The police are brutal, the government is brutal, the populace is aroused (taking to the streets) or accommodating (switching from CNN to Homeland to football), brutalized or brutal too. America, cauldron of damaged life.

baldwin_img_0.jpg?itok=HFtgeaqoJames Baldwin in Los Angeles, 1969, (Credit: Sedat Pakay)

JoAnn Wypijewski, who writes The Nation’s “Carnal Knowledge” column, has been traveling the country to research a book on America in a time of crackup.

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Special Project | The Problem of Race in America: Week Ending January 31, 2015, Compiled by David Culver, Ed., Evergreene Digest.,

  • We should honor the sacrifices of the heroes of the civil rights movement, the courageous men and women who risked their freedom and even lives in the battle against racial discrimination. 
  • Their vision for a society of genuine social progress and economic opportunity can be achieved only if we recognize the inherent worth of the individual and we follow in their footsteps to enshrine the principle of individual rights. 
  • 9 New Items including:
    • Clip: Ronald Reagan’s Racially Tinged Stump Speeches
    • The Problem of Race in America
    • Series: Considering the Problem of Race in America | Part 1: What ‘White Privilege’ Really Means
    • City's failures on North Side are the overlooked outrage
    • America’s modern political nightmare: Two electorates, separate and unequal,
    • This Is Wrong: On Race and Class and Unassailable Privilege
    • Holder: Subtle Racism Is Greater Threat Than 'Outbursts Of Bigotry' 
    • For Black Men in America, There Is No Break From Racism
    • Mark Twain, His Mother, and Slavery

Series | Considering the Problem of Race in America, Part 6: Philosophy’s Lost Body and Soul

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This is the sixth in a series of interviews with philosophers on race that I am conducting for The Stone. This week’s conversation is with Linda Martín Alcoff, a professor of philosophy at Hunter College and the CUNY Graduate Center. She was the president of the American Philosophical Association, Eastern Division, for 2012-13. She is the author of “Visible Identities: Race, Gender, and the Self.” — George Yancy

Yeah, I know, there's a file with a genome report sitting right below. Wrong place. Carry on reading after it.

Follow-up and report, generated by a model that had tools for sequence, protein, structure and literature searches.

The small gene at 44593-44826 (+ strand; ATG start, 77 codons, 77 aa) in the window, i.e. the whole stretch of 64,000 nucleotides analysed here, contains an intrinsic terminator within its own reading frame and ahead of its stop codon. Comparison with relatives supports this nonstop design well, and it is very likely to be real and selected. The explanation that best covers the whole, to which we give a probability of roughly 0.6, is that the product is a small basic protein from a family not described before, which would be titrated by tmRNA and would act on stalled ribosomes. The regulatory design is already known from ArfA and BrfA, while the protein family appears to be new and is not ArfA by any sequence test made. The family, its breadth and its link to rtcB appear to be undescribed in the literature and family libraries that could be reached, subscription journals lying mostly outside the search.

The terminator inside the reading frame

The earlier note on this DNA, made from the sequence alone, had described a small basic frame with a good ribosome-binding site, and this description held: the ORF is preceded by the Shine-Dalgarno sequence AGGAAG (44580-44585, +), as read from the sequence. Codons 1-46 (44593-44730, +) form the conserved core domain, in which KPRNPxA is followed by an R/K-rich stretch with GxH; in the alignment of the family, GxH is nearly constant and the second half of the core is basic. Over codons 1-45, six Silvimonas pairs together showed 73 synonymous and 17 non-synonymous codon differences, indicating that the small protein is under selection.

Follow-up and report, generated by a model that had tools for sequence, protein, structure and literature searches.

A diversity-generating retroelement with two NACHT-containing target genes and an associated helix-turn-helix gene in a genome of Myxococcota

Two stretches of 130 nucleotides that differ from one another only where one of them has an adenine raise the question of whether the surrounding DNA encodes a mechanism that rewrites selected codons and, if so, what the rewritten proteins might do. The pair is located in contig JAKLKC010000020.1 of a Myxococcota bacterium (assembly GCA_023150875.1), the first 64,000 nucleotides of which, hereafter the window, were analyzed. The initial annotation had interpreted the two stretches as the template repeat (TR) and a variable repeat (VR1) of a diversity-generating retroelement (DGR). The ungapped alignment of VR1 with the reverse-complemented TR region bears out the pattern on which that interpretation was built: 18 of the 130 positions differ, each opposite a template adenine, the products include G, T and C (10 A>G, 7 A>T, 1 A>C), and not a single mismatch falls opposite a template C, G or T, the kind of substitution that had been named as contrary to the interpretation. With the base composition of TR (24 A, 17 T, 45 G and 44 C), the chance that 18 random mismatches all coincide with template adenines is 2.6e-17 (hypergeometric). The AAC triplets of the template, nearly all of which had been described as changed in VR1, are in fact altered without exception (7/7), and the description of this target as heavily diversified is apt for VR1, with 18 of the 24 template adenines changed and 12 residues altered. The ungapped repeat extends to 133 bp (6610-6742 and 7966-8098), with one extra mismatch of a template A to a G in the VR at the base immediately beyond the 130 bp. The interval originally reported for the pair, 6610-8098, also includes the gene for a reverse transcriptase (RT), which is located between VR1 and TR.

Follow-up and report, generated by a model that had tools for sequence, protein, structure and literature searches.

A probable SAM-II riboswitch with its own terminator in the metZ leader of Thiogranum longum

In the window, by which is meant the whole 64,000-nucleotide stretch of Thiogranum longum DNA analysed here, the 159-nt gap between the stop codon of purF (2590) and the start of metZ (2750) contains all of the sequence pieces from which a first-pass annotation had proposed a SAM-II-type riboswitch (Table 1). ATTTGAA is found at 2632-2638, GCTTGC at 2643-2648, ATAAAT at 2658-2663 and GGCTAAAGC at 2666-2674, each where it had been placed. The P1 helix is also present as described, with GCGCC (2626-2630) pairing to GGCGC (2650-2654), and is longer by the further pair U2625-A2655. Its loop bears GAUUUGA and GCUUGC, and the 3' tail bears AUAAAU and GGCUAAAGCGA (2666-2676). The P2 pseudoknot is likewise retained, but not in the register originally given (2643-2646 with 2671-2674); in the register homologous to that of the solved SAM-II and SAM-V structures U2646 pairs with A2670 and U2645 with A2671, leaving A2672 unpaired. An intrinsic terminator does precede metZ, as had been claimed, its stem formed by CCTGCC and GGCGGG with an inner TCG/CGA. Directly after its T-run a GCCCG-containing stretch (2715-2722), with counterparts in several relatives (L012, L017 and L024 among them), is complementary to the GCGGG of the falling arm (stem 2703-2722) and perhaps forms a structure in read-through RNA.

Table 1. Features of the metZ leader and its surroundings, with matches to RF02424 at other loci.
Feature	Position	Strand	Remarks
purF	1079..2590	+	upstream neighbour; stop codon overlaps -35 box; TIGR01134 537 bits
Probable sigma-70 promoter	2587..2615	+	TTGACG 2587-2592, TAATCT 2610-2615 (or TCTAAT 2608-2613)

George Yancy and Linda Martin Alcoff, The Stone / New York Times

 

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February 4, 2015 | George Yancy: What is the relationship between your identity as a Latina philosopher and the philosophical interrogation of race in your work?

Linda Martín Alcoff: Every single person has a racial identity, at least in Western societies, and so one might imagine that the topic of race is of universal interest. Yet for those of us who are not white — or less fully white, shall I say — the reality of race is shoved in our faces in particularly unsettling ways, often from an early age. This can spark reflection as well as nascent social critique.

The relationship between my identity and my philosophical interest in race is simply a continuation through the tools of philosophy the pursuit that I began as a kid, growing up in Florida in the 1960s, watching the civil rights movement as it was portrayed in the media and perceived by the various parts of my family, white and nonwhite. I experienced school desegregation, the end of Jim Crow, and the war in Indochina, a war that also made apparent the racial categories used to differentiate peoples, at enormous cost. It was clear to me from a young age that “we” were the ones with no value for life, at least the life of those who were not white.

The Stone is a forum for contemporary philosophers and other thinkers on issues both timely and timeless.